“The current global crisis has emphasised the need for multinational cooperation and the ability of Allied armed forces to respond to a broad range of missions in different operating environments,” said Jan der Kinderen, the NATO Support and Procurement Agency (NSPA) MMF System Manager. “In this context, the newest NSPA multinational programme, the MMF, stands out as a unique example of successful cooperation among NATO and EU Agencies and nations, enabling participating nations to flexibly and rapidly respond to emergencies in multiple capability domains,” he added.
The current global COVID-19 crisis has emphasised the need for multinational cooperation and the ability of Allied armed forces to respond to a broad range of missions
Managed by the NSPA with strong support of the Organisation for Joint Armament Cooperation (OCCAR), under the ownership of NATO and operated by a multinational unit, the MMF programme will provide its six participating nations Belgium, the Czech Republic, Germany, Luxembourg, the Netherlands and Norway with strategic tanker, transport and medical evacuation capabilities based on pooling aircraft and sharing costs, benefits and risks. “
The success of the MMF relies on the excellent cooperation between NATO and the European Union Nations and agencies since the very beginning of the project in 2011,” said Jan der Kinderen. “This programme serves also as a fine example of how nations can cooperate, pooling and sharing resources to get access to state of the art capabilities that would be difficult or impossible to access individually,” he added.
An A330 MRTT refuelling an F-35 fighter jet over the Netherlands. The A330 MRTT uses boom and hose-and-drogue mechanisms to refuel the aircraft in the MMF nations’ inventory (F-16, F-35, C-17, Eurofighters, Tornado and Gripen) and most of the other aircraft used within NATO. Photo courtesy Royal Netherlands Air Force.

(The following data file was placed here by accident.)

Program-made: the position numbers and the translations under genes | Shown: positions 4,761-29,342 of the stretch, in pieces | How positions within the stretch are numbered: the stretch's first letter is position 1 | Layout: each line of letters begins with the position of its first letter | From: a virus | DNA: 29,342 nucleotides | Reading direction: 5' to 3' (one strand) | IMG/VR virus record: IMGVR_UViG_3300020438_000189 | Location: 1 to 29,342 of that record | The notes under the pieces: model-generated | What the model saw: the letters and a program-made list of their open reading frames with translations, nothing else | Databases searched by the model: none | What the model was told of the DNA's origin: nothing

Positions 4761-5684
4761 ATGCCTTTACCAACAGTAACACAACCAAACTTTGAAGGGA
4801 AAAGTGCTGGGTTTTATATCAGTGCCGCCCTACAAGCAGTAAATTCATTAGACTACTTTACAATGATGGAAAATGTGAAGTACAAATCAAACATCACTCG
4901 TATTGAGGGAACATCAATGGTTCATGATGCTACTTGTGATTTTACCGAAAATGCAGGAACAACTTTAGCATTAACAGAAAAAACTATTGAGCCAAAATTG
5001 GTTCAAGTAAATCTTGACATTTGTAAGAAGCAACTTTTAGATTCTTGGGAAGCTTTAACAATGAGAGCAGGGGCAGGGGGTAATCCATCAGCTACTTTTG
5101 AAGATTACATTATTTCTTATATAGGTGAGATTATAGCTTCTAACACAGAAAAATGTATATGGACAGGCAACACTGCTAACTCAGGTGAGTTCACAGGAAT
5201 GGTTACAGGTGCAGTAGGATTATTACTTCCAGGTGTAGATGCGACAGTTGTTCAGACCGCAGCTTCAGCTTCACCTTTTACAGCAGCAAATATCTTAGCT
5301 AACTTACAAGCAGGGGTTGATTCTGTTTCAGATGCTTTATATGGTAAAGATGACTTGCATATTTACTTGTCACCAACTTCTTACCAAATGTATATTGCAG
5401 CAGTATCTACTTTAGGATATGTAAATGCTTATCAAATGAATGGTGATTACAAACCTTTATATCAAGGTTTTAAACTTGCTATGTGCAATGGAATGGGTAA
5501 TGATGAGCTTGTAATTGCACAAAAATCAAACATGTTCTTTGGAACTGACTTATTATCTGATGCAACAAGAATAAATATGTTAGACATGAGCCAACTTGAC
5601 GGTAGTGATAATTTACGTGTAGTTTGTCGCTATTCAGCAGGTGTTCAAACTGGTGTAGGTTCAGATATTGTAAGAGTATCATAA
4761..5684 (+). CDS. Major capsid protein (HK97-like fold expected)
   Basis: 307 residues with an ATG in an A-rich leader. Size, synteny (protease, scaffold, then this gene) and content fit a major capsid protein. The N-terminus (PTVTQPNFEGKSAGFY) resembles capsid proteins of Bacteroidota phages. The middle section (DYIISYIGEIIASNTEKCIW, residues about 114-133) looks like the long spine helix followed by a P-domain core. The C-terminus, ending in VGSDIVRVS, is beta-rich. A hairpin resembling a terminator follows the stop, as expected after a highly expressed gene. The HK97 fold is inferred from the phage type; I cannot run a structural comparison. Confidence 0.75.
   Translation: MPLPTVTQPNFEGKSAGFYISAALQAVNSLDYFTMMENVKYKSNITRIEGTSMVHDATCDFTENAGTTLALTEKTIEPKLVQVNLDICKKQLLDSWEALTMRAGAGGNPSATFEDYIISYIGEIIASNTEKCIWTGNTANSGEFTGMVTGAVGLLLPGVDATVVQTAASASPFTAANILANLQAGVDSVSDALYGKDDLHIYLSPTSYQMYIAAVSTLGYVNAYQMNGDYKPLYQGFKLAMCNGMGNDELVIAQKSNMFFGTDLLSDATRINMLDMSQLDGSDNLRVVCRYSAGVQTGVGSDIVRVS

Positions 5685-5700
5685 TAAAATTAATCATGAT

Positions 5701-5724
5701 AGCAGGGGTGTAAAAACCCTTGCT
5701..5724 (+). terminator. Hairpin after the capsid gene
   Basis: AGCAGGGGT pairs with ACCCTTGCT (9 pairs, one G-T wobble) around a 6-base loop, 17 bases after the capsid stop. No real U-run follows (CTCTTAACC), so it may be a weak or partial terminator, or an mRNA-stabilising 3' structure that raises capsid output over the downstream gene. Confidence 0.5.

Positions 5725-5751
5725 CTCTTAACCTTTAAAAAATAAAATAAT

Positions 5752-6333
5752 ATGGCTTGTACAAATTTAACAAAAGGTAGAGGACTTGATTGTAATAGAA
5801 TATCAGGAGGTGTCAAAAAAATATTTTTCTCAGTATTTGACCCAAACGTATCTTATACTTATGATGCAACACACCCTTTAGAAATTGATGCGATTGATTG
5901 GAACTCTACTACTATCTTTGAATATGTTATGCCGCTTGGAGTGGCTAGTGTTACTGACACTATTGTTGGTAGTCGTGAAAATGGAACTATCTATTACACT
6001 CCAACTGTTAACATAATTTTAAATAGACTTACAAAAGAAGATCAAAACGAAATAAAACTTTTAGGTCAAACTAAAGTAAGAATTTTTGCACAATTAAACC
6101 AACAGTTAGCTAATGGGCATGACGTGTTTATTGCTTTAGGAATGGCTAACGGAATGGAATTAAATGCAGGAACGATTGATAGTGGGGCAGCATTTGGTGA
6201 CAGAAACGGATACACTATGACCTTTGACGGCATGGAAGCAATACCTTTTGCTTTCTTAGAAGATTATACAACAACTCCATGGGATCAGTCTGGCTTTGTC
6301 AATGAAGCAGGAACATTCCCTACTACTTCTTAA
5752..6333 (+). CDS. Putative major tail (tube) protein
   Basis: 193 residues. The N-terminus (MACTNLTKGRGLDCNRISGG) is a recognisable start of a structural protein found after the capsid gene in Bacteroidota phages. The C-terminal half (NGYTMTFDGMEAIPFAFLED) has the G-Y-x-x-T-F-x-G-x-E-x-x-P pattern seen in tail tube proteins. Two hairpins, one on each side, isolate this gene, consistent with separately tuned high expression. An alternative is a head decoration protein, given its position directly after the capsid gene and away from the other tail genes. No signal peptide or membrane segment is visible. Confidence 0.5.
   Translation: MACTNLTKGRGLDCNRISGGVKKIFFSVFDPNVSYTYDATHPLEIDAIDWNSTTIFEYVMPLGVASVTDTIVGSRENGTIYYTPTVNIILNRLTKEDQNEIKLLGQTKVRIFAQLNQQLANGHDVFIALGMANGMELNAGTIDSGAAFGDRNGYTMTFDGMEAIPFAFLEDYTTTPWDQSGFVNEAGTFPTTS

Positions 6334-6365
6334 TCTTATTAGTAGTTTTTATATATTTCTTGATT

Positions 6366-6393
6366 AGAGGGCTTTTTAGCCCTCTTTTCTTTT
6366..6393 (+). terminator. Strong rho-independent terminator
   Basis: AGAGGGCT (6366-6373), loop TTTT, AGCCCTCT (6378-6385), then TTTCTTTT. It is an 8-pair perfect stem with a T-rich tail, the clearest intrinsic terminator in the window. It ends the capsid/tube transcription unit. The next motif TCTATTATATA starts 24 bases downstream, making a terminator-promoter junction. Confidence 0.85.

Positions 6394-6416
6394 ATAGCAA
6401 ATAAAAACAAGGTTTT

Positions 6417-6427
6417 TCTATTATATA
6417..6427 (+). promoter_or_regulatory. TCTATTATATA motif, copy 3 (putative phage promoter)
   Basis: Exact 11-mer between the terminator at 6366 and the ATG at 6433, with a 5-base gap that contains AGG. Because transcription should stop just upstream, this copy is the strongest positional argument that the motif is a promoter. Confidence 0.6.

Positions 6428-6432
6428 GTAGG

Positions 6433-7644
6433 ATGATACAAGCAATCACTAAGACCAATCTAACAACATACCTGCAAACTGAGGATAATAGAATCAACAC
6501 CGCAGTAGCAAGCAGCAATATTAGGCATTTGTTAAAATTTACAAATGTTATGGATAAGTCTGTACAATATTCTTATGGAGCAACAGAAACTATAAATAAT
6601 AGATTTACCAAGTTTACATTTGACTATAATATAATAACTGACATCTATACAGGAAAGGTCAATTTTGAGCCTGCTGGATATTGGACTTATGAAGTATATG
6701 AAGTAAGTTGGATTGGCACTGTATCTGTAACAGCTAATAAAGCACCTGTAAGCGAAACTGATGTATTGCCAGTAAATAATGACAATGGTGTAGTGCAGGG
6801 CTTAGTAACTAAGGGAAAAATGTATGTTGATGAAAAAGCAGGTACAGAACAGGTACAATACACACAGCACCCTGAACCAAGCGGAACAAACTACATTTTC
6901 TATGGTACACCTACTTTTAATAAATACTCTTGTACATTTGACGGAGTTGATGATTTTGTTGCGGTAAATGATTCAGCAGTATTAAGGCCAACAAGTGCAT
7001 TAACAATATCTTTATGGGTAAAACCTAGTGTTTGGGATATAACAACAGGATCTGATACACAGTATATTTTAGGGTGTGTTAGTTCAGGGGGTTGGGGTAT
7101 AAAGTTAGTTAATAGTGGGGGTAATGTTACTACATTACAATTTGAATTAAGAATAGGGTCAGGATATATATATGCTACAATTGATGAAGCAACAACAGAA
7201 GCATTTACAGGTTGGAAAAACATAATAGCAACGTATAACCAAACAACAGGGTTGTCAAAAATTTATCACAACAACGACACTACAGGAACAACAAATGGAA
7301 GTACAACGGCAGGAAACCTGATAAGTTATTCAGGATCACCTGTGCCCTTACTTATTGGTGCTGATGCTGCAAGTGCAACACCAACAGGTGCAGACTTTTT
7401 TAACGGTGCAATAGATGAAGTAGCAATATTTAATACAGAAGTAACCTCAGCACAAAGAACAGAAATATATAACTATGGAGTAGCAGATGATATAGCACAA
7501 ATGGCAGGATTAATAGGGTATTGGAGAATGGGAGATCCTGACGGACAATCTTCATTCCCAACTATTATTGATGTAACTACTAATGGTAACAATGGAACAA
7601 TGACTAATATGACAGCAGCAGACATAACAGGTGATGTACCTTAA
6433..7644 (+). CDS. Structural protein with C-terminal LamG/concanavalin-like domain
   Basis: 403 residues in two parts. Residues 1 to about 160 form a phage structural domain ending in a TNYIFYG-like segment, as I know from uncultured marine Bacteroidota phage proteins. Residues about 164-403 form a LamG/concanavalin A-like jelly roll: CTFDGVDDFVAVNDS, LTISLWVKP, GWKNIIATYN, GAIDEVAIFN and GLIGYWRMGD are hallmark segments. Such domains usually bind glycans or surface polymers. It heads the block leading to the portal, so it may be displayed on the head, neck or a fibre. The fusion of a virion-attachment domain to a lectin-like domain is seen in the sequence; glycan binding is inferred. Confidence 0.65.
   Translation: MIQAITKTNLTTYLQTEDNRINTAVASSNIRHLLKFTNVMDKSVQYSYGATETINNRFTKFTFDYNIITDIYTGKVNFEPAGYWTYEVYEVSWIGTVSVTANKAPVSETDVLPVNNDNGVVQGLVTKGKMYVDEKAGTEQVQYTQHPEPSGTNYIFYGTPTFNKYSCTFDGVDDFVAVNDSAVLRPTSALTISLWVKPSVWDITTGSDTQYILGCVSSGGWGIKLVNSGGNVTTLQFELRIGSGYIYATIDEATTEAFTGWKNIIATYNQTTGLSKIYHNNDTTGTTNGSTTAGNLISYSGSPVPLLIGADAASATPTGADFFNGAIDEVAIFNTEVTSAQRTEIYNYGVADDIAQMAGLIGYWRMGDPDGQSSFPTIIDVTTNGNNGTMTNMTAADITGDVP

While the first two A330 MRTT aircraft are ready for acceptance and scheduled to be handed over this June and July, the third and fourth aircraft are currently under conversion at the Airbus Defence and Space facilities in Getafe near Madrid and the fifth aircraft was recently flown to Getafe from Toulouse as a green aircraft. The first group of pilots and mechanics have completed a comprehensive training and are now ready to finalise their qualification to be able to operate the aircraft.
The A330 MRTT is a state-of-the-art aircraft configured for a variety of missions. In the air-to-air refuelling role, a basic fuel capacity of 111 tonnes allows replenishment of other aircraft without the need for additional fuel tanks. The maximum fuel flow rate of approximately 2,200 litres a minute is achieved using boom or hose-and-drogue mechanisms to refuel all aircraft in the MMF nations’ inventory (F-16, F-35, C-17, Eurofighters, Tornado and Gripen) and most of the other aircraft used within NATO. The A330 MRTT aircraft can provide air-to-air refuelling, strategic airlift of up to 45 tons of cargo and transport up to 267 passengers simultaneously. The A330 MRTT MEDEVAC configuration allows aeromedical evacuation with six intensive care units and 16 stretchers.
MMF pilots and instructors during training. The first batch of pilots and mechanics received full training and are now ready to attend recurring training as a last step to be able to operate the A330 MRTT. Photo by Pablo Cabellos.
The MMF aircraft will be operated by the Multinational Multirole Tanker Transport Unit (MMU) comprised of military personnel from the participating nations. The unit is based in two permanent operating bases, the Main Operating Base in Eindhoven, the Netherlands, and the Forward Operating Base Plus in Cologne, Germany. Five of the eight MMF aircraft will be based at Eindhoven and three at Cologne. The MMU will have the capability to deploy for short and long assignments worldwide, providing the MMF nations with reliable air-to-air refuelling, air transport and MEDEVAC capabilities. To ensure a 24/7 MEDEVAC capability, one of the A330 MRTT aircraft located at Cologne will permanently stand by in the MEDEVAC configuration as of end 2021. The MMF nations will use these capabilities in support of national missions and NATO, EU or other multinational commitments..
“Since the MMF Initiative is open to new partners, we expect it will grow in the near future. Furthermore they are actively seeking cooperation with other MRTT operating nations around the world to enhance opportunities and maximize the positive synergies identified in the programme,” summarised Jan der Kinderen.